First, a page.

Newspaper Page Text
CONFESSIONS OF A WIFE
I HATE TO ALWAYS BE THE MENTOR
(Copyright, 1914, by the Newspaper Enterprise Association.)
Aunt Mary came -into the room
just as Dick, Mollie andwere hotly
discussing sex in business theory, and
silently by mutual consent we all
changed the subject.
There is more truth than one real
izes in that old joke about the story
no respecting girl would allow her
grandmother to read or see the play
to which no well-brought-up daugh
ter would take her mother.
We of this generation discuss mat
ters openly with both men and wom
en of our own age that would mdke
us very uncomfortable if we had to
talk about them to our blushing, fe
male relatives of former generation.
Our grandfathers kept their women
innocent, and even today I occasion
ally run across a man who says: "My
wife is so innocent She knows noth
ing of the nature of man nor of the
evil that is in the world but that of
which I tell her."
He is very apt to boast of this, but
I notice he is usually the man who
stays longest beside the cleverest and
most sophisticated woman in the
room whenever he and his drab lit
tle wife are invited out.
I said something of this kind to Jim
Edie the other night and he answer
ed: "That is perfectly natural. A
man likes to talk to a clever woman.
He likes to have his brain stimulated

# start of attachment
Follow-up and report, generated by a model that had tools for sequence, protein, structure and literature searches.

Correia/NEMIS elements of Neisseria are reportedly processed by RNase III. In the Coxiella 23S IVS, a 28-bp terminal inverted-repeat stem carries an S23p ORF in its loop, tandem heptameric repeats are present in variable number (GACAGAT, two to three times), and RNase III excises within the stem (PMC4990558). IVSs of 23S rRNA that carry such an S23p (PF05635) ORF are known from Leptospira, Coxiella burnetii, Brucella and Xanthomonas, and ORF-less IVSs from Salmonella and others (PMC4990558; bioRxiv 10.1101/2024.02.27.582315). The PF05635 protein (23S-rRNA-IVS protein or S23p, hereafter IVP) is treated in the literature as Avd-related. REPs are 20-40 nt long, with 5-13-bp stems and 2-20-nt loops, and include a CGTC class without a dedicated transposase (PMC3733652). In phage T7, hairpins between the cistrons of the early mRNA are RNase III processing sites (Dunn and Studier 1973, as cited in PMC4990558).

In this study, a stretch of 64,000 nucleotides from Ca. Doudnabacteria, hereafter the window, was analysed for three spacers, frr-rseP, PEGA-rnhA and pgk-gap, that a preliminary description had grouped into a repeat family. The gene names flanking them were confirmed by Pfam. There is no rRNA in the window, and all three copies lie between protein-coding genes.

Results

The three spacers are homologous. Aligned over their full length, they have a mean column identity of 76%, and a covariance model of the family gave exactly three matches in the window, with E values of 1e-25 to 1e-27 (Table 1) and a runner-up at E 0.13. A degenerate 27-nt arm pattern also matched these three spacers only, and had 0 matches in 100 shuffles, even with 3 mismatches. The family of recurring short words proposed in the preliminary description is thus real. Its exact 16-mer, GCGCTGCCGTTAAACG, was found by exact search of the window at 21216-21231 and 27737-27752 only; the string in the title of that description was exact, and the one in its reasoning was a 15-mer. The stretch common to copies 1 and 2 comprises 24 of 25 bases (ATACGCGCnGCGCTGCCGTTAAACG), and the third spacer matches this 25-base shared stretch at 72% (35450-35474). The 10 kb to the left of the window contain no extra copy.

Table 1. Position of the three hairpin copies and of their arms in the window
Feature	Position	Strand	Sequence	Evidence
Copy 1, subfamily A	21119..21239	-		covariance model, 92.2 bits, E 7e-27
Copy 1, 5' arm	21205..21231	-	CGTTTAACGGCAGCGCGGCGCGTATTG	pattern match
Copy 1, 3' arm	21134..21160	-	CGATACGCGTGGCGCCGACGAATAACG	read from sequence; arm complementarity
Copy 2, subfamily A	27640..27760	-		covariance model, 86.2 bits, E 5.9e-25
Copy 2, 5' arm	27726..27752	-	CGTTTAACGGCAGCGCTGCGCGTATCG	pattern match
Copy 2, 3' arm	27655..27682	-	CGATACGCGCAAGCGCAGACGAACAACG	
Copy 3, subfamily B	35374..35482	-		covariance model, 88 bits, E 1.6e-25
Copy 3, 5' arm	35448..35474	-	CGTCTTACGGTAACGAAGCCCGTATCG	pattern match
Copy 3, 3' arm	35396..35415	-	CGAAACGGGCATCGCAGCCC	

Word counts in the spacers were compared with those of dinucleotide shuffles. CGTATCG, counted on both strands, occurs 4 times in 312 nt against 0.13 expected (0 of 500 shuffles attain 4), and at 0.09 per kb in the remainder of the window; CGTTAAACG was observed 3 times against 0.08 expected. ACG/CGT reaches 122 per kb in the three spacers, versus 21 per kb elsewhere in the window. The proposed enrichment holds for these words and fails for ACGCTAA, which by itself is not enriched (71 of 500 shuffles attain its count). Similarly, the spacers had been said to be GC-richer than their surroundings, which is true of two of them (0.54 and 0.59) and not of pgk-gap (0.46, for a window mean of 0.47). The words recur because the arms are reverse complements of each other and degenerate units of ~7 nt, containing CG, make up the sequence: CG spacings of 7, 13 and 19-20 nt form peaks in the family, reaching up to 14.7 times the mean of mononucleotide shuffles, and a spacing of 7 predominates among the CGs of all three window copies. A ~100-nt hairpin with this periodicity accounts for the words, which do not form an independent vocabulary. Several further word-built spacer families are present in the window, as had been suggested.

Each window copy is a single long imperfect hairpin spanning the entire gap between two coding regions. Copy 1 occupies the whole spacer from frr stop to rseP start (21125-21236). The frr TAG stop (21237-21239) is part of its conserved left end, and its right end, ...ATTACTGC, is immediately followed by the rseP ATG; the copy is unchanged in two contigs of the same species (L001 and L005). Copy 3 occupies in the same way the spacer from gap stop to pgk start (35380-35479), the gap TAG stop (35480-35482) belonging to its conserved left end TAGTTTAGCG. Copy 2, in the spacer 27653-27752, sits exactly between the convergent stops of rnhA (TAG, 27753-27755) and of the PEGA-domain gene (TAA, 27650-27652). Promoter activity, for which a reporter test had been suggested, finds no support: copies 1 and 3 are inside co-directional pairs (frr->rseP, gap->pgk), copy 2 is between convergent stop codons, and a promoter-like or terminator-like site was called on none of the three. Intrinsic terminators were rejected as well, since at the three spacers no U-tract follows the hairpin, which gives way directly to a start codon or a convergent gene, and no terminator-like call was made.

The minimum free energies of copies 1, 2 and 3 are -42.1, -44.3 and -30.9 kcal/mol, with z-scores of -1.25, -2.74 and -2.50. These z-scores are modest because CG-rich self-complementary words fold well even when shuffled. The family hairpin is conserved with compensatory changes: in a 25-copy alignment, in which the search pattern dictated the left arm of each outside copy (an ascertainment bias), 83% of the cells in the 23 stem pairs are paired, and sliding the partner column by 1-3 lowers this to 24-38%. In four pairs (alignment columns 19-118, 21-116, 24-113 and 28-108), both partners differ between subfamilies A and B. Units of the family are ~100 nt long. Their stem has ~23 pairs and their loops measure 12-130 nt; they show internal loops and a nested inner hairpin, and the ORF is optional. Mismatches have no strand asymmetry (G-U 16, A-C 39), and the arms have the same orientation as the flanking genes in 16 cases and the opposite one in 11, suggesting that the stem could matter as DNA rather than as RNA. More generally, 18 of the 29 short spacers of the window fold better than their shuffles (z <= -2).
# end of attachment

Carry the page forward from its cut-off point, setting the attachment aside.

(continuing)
by her brilliancy once in a while, but,
Lord love you, my dear, can't you see
that, after a man has been all day
with his mind working at 100 per
cent pressure, he doesn't want to
spend the rest of his waking hours
discussing either household finances
or philosophies of living.
"No, Margie, whatever a man may
fall in love with a girl for, he wants
his wife just for one thing his own
special comfort, like his dressing
gown or his old slippers. Oh, I know
men don't usually admit this, even
to themselves, especially while they
are getting into evening clothes to
take the 'other' woman to dine at
some Bohemian cafe. They like the
cafe, the light, the music, the noise
of the popping corks and the general
atmosphere which insiduously whisp
ers that they are still young, still in
the game, but in the long run it is the
dressing gown and slippers that ap
peals to them longest, if not most.
"The reason I don't get married is
because the dressing gown and slip
pers kind of woman is hard to find
nowadays. Every once in a while I
think I have found one, and then all
at once she breaks out into a tirade
on the rights of women, the latest
problem novel or some other subject
that tells me that she would bore me
to death if I should marry her."
"Jim, you are not only an incor
rigible, old misogamist, but you are
selfishness personified," I said to him.
"By good rights, I should cut your ac
quaintance, for the honor of my sex.
"By the way, what are you linger
ing around here for. Surely you do
not think I am one of those 'comfort
able wives' that may be likened to
old shoes and warm smoking
"Not on your life. Ill bet you have
given Dick many an uncomfortable
half-hour when you have demanded
explanations, but almost thou per
suadest me that, after all, there might
be a woman who would make me for
get my comfortable ideal."
"Don't jolly, Jim," I said, rather im
patiently. "It always riles me to have
a man think he must flatter me."
I wonder if I have made Dick weary
at times, and is it my duty to always
save his feelings at the expense of my
own? I, too, get tired of always be
ing the mentor and the moralist I'd
like to let' myself go and just live for
the present "take the good the gods
provide," but if I did
If any wife WA that always what
- j. ,... -. .,.. ..